• Fuels containing kerosene or paraffin.
  • Fuels containing more than 10 – 15% of ethanol if the vehicle is not a flexible fuel vehicle.
  • Fuels containing more than 85% ethanol or E100 fuel if it’s a flexible fuel vehicle.
  • Fuels containing methanol.
  • Fuels containing metallic-based additives, including manganese-based compounds.
  • Fuels containing the octane booster additive, methylcyclopentadienyl manganese tricarbonyl (MMT).
  • Leaded fuel, using leaded fuel is prohibited by law

Switching between E-85 and Gasoline

It’s not recommended to switch between E-85 and gasoline repeatedly. If you do switch from one fuel to another it’s recommended that you add as much fuel as possible, at least half a tank.

After that, you should drive your vehicle immediately for a minimum of 5 miles (8 kilometers) to allow it to adapt to the change in ethanol.

If you only run on E-85 it’s recommended that you fill the fuel tank with unleaded regular gasoline with an octane of 87 or higher at each scheduled oil change.


Diesel fuel for F-150s that have a diesel engine should adhere to the following requirements:

  • Ultra low sulfur diesel fuel (ULSD) should be used. ULSD is indicated by the numbers 1-D or 2-D and has a maximum of 15-ppm sulfur.
  • The F-150 can be operated with diesel fuels with a maximum of 20% biodiesel (B20). These fuels should meet the ASTM D975 or ASTM D7467 B6-B20 biodiesel industry standards. Outside of North America the EN590 or equivalent standard should be met.
  • Low sulfur diesel (LSD, 16-500ppm) or high sulfur diesel (HSD, 500+ ppm) will cause damage to the fuel system that’s not covered under warranty.
  • When temperatures drop below 19 degrees Fahrenheit or -7 degrees Celcius it’s recommended to use seasonally adjusted diesel.
  • Additives should not be needed if you use fuel that meets industry standards as specified above. However, you may use Motorcraft® cetane booster or an equivalent cetane booster if you suspect you’re using fuel with a low level of cetane. Other additives are not recommended and will most likely cause damage that’s not recommended.


If you make use of diesel with a maximum of 20% biodiesel then the maintenance schedule of your F-150 needs to be adjusted. Please take a look at the maintenance schedule in your owner’s manual to see how this should be adjusted.

Furthermore, do not store biodiesel in the fuel tank for longer than one month. If you have to store the vehicle for this period it’s recommended that you drain the fuel tank, fill the car with a pure petroleum blend, and run the vehicle for a minimum of 30 minutes.

Consider changing brands or lowering the amount of biodiesel if the vehicle is having problems.

What If I Hear A Knocking Noise After Refilling?

A slight engine knock is no reason for concern. However, a loud engine knock can occur after refilling and this is a reason for concern. This is because it’s very likely you’ve used fuel with an octane rating that’s lower than recommended.

Using fuel with a lower than recommended octane rating (in the case of the F-150, lower than 87 or in some cases 91) will cause engine knock. If this happens it’s advised to stop the car immediately and contact your dealership.

Fuel Tank Size Per Generation

It will come as no surprise that every generation and almost every model of the Ford F-150 has its own fuel capacity.

Below we’ve outlined the fuel capacity for each generation and model in both gallons and liters. However, let us also give you a general answer:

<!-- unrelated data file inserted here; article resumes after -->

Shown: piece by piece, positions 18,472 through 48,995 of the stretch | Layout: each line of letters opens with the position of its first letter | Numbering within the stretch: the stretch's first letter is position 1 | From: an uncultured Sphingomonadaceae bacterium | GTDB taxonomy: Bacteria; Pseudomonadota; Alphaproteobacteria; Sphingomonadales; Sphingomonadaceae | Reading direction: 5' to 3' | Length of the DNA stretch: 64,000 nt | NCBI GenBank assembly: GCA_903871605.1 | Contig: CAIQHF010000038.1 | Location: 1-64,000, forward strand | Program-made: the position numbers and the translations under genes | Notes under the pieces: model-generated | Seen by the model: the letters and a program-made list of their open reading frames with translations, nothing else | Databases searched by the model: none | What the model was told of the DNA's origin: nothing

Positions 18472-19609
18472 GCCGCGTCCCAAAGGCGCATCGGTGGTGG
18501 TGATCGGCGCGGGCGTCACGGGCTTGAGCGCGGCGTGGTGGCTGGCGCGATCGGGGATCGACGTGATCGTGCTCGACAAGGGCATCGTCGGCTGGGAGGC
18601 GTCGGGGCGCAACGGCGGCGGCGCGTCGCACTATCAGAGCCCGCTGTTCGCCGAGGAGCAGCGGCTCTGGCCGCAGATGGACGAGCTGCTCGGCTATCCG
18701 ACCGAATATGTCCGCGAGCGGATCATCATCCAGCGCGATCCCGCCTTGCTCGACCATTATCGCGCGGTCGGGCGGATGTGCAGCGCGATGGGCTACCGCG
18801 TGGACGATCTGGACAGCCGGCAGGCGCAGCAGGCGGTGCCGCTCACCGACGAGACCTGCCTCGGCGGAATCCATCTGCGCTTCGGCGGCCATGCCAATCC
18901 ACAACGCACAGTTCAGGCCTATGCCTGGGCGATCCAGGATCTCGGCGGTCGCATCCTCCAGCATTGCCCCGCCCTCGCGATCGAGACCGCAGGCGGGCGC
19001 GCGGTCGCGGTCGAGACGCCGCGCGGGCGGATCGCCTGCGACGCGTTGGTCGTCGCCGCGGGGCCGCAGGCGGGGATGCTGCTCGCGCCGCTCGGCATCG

Ford F150s manufactured between 1996 – 2004 have a fuel tank size of 24.5, 25, or 30 gallons depending on the model. 2004 – 2008 F150s have a fuel tank size of 26, 27 (with an option for 35.7) or 30 gallons.

Ford F150s manufactured between 2009 – Present-day have a fuel tank size of 26 gallons and some have an option for 36 gallons. Only the Raptors manufactured since 2012 have 36 gallons as a standard.

1996 – 20044×4 Reg. Cab with a short wheelbase24.592.7
4×2 Regular Cab, SuperCab, and SuperCrew with a short wheelbase2594.6
All long Wheelbase30113.6
SVT Lightning2594.6
Bi-fuel, slow fill12.547.3
Bi-fuel, fast-fill10.640.1
CNG, slow fill, 3.000psi1971.9
CNG, fast-fill, 3.000psi16.160.9
CNG, slow fill, 3.600psi21.782.1
CNG, fast-fill, 3.600psi18.570
2004 – 2008Reg. Cab 6.5’ box / SuperCab 5.5’ box2698.4
SuperCrew 5.5’ box30113.6
SuperCrew 6.5’ box27 (35.7 optional)102.2 (135.1 optional)
Reg. Cab 8’ box / SuperCab 6.5’ box / SuperCab 8’ box27 (35.7 optional)102.2 (135.1 optional)
2009 – 2012Reg. Cab 6.5’ box / SuperCab 5.5’ box2698.4
SuperCrew 5.5’ box / SuperCrew 6.5’ box26 (36 optional)98.4 (136.2 optional)
Reg. Cab 8’ box / SuperCab 6.5’ box / SuperCab 8’ box26 (36 optional)98.4 (136.2 optional)
SVT Raptor2698.4
2012 – Present-dayRegular cab / Super Cab23 (36 optional)87.1 (136.3 optional
Crew Cab, Raptor Super Cab26 (36 optional)98.4 (136.3 optional)
Raptor Crew Cab36136.3

Closing Thoughts

By navigating the labyrinth of fuel types and options for your Ford F-150, we have examined everything from unleaded gasoline with different octane ratings to the potential use of E-85.

We’ve highlighted the importance of choosing the right fuel for your truck and how that can significantly influence its performance and lifespan.

It’s equally important to know about potential issues that could arise in the fuel system of your trusty truck, like encountering Fuel Pump problems that are common when it comes to Ford F-150s.

Moreover, to fully understand your F-150’s fuel system, it’s worth exploring how the ABS Module & Pump function and the typical problems they could present.

Lastly, don’t overlook the importance of the throttle body, another vital component related to your vehicle’s fuel intake. Learn more about the challenges it may pose in our article “Ford F-150 Throttle Body Problems“.

In conclusion, understanding the fuel requirements of your Ford F-150 is a start, but being familiar with the other aspects of your vehicle’s fuel system ensures you stay ahead of potential issues.

Remember, knowledge is power when it comes to maintaining your vehicle’s performance. Happy driving!